Coincidence or not – just at a time when Amazon started facing increasing antitrust scrutiny over its dominant position in the e-commerce and retail landscape, the company, notoriously shy on disclosing details about its business, decided to share some interesting data with the public. In a bid to paint his company as a partner of small and medium-sized businesses rather than an all-consuming behemoth, Amazon’s founder and CEO Jeff Bezos disclosed that third-party sellers accounted for 58 percent of total physical gross merchandise sales on Amazon last year, up from just 3 percent in 1999.
“Third-party sellers are kicking our first party butt. Badly.”, Bezos self-deprecatingly wrote in his annual letter to shareholders
, only to add the not-so-subtle humblebrag that third-party sales on Amazon, while beating the company’s first party sales, have also grown much faster than eBay’s gross merchandise volume between 1999 and 2018. According to Bezos, third-party sales on Amazon grew from $0.1 billion in 1999 to $160 billion in 2018, while the company itself sold $117 billion worth of physical merchandise last year. As a reaction to the disclosure, market research company eMarketer revised its U.S. market share estimate for Amazon downward from 47 to 38 percent in 2019, a message that Amazon’s leadership team will gladly approve of in light of a possible antitrust probe from the Federal Trade Commission.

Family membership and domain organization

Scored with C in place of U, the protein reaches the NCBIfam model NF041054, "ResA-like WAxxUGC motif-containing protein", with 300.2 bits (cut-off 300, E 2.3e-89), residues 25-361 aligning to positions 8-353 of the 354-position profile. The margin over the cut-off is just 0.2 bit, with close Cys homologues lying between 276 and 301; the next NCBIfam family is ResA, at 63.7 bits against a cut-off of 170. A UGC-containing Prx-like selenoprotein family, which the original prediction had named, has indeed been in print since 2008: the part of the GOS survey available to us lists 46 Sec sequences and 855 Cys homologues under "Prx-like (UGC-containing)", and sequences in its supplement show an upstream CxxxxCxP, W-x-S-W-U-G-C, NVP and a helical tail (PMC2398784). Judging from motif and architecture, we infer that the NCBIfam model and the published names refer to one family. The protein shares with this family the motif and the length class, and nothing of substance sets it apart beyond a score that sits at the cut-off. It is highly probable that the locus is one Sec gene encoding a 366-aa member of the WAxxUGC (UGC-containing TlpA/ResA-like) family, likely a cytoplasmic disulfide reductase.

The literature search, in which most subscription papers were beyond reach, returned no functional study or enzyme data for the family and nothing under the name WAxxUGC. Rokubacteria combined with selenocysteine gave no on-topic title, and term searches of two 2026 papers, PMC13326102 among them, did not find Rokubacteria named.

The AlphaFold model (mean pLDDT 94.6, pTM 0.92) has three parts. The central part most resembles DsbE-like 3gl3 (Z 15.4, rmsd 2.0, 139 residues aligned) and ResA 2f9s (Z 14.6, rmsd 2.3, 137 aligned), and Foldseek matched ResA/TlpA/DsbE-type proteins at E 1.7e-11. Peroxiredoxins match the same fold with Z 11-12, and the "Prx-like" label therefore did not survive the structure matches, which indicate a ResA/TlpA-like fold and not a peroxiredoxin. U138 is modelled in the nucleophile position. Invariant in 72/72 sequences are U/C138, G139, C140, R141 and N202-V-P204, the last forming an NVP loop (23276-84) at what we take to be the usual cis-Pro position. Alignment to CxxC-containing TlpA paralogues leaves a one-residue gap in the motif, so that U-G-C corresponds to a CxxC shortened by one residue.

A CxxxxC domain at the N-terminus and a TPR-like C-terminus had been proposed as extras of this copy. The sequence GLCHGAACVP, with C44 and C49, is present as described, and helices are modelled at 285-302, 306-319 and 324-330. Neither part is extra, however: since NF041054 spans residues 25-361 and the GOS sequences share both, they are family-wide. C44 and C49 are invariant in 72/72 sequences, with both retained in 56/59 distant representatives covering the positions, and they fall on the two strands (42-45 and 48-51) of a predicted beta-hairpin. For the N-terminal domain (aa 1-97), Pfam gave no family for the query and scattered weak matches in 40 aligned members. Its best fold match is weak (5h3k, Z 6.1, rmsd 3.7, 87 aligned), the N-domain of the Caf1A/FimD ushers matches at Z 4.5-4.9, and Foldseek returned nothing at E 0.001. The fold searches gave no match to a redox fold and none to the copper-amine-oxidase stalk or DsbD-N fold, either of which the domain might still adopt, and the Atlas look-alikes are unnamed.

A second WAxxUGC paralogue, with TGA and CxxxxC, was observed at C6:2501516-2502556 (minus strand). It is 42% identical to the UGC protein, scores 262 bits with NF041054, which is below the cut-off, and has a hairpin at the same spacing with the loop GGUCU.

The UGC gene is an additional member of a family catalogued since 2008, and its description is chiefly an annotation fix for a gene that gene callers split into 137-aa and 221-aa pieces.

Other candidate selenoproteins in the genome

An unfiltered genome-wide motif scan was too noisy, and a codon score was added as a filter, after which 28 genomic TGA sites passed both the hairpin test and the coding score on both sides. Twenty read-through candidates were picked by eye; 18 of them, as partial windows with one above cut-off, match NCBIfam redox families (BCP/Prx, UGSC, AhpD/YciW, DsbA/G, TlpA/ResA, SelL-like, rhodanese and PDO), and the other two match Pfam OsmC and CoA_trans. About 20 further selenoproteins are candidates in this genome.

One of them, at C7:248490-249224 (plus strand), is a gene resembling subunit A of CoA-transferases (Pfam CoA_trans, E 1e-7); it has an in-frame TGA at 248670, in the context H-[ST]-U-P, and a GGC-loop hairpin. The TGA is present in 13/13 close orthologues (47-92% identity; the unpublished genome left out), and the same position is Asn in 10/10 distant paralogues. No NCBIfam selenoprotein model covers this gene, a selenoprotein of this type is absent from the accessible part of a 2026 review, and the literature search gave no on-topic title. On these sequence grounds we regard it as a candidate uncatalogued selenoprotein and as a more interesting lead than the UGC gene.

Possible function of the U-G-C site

Ironically, Amazon’s role as a platform for independent third-party sellers is what got the company into trouble in Europe. Last week, the European Commission launched an investigation
into whether “Amazon's use of sensitive data from independent retailers who sell on its marketplace is in breach of EU competition rules”. In recent years, the EU watchdog has proven not to shy away from going head to head with America’s tech giants, imposing billion-dollar fines on Google and Microsoft
. If found guilty of anticompetitive behavior, Amazon could also face a multi-billion-dollar punishment.